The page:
This is a complex discussion. When you talk about MVC frameworks, ORM is an extremely coupled matter. Usually, when you use an MVC framework, you want ORM, because it is one of the biggest sources of the agility that you won with MVC. Of course, sending selects directly to the database is more performant than using an ORM engine. But you really want to manually handle all the relationships, casts and everything that comes with it? Do you want to take the risks of having it on your responsibility? How about maintenance?
The fact is, in most cases, even with Lumen, you’ll want to use Eloquent because without Eloquent the framework turns from a bazooka into a pistol. It just looses most of the power. It’s also important to say that Eloquent is one of the pieces of Laravel that was completely rewritten from scratch because the ORM engine from Symfony (based on Doctrine) was extremely slow (yeah! Laravel is based on Symfony, and uses many Symfony components under the hood).
Difference 6 — Facades
Facades are similar to Eloquent on this comparison. Both frameworks support it, but only Lumen gives you the ability to completely disable it, and it’s disabled by default.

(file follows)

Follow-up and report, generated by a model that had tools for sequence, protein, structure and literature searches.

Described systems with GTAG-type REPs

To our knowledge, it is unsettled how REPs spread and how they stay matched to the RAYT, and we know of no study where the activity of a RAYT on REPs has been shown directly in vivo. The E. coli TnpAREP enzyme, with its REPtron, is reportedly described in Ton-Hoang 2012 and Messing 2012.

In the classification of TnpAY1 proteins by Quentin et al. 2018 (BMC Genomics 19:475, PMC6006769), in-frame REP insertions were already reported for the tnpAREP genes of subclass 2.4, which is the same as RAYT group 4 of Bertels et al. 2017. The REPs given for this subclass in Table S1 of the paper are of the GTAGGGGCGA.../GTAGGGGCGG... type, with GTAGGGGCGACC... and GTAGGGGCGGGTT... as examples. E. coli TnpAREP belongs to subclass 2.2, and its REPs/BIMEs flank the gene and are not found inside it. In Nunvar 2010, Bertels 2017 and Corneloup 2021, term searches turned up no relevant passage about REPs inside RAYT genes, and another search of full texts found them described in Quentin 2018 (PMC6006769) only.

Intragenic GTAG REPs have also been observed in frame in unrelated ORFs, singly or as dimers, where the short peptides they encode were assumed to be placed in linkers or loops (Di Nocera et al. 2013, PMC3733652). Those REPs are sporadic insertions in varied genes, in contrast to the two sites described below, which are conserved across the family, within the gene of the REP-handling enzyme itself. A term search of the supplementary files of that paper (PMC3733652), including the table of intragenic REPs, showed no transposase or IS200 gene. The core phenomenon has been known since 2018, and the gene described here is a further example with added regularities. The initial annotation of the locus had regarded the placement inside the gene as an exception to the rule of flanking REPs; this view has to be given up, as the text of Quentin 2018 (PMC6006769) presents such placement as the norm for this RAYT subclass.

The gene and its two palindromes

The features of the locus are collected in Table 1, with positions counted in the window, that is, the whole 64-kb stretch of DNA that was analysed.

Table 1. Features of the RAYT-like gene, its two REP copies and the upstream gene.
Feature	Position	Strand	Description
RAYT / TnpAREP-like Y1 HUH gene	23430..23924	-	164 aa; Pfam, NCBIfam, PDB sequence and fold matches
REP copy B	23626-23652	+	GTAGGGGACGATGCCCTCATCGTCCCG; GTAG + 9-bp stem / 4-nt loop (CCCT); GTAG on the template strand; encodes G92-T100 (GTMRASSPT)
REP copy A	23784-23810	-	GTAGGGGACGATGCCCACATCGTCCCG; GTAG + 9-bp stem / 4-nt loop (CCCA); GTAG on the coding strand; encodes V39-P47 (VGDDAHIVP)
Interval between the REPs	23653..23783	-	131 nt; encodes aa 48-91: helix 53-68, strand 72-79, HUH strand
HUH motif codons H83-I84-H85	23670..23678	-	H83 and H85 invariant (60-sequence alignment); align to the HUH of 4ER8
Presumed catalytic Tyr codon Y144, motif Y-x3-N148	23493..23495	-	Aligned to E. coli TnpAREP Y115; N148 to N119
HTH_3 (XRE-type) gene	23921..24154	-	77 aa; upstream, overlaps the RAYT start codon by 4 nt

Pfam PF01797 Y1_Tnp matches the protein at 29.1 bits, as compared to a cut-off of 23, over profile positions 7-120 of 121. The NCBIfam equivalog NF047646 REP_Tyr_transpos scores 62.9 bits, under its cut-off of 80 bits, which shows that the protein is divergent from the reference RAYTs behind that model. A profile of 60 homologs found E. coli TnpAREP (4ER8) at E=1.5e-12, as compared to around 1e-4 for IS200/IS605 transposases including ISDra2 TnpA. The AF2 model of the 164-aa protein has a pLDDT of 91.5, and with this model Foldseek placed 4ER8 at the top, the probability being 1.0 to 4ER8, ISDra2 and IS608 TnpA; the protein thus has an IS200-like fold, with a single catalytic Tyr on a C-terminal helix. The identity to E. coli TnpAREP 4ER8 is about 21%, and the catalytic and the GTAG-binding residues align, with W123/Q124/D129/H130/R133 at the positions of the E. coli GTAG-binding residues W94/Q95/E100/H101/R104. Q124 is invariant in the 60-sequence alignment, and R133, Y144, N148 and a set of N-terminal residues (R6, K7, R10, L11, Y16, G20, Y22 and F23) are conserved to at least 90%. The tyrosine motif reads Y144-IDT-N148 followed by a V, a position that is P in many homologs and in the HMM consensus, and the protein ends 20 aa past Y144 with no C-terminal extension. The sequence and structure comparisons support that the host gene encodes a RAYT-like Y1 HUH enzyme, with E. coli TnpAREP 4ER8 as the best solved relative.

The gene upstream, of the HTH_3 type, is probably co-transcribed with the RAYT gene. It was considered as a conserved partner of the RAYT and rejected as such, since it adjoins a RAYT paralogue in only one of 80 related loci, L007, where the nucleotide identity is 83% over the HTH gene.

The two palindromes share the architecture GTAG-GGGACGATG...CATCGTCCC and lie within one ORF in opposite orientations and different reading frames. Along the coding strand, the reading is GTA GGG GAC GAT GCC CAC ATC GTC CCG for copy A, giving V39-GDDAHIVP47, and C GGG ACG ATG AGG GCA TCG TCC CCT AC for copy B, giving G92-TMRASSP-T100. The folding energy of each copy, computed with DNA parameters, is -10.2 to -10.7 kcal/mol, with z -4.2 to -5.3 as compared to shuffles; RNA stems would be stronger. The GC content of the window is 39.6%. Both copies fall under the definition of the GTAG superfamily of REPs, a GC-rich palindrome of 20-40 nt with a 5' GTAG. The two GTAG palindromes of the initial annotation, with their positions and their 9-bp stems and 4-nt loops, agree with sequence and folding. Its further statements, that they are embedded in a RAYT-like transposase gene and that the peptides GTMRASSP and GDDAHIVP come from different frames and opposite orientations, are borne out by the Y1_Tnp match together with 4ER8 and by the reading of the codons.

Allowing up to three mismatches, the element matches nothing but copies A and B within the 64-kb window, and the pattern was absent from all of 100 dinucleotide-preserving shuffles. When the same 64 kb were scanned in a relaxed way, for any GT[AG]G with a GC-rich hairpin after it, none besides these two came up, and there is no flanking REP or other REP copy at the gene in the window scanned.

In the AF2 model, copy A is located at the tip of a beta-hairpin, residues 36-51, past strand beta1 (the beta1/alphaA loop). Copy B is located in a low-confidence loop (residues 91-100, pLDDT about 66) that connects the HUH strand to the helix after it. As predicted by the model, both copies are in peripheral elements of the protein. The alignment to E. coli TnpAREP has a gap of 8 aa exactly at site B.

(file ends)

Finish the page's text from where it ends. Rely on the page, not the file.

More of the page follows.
But here we have a concept misunderstood most of the times. Facades is a design pattern (I’m not going into the Facade concept here). What you disable in Lumen, in fact, are the facades classes and the global aliases that Laravel conveniently gives to the developer to easily access some modules (like Log, Auth, etc). But you still can use the app() helper function, passing the facade accessor as a parameter (what is exactly the same).
In fact, if you want to use Laravel without facades, you can just remove all the aliases definitions, and always use the app() helper function. You’re not disabling it, but it’s not using it, what in the end is the same.
From the performance point of view, is really hard to say if using facades really harm the performance, because you need heavy use of this structure to make difference, what is not true on a benchmark application.
Difference 7 — Artisan Generators
Artisan is the command-line tool for Laravel and Lumen. Both use the same structure. But Laravel has much more commands available than Lumen.
A good example is generators. On Laravel, you have “make” commands to generate basically any structure on the code. On Lumen you have to do that copying and pasting it from an example file. Not fancy at all.
But the big question here is that artisan just don’t affect the execution time of requests, and that said, I really don’t understand why Lumen artisan was packed as a dehydrated version of Laravel artisan.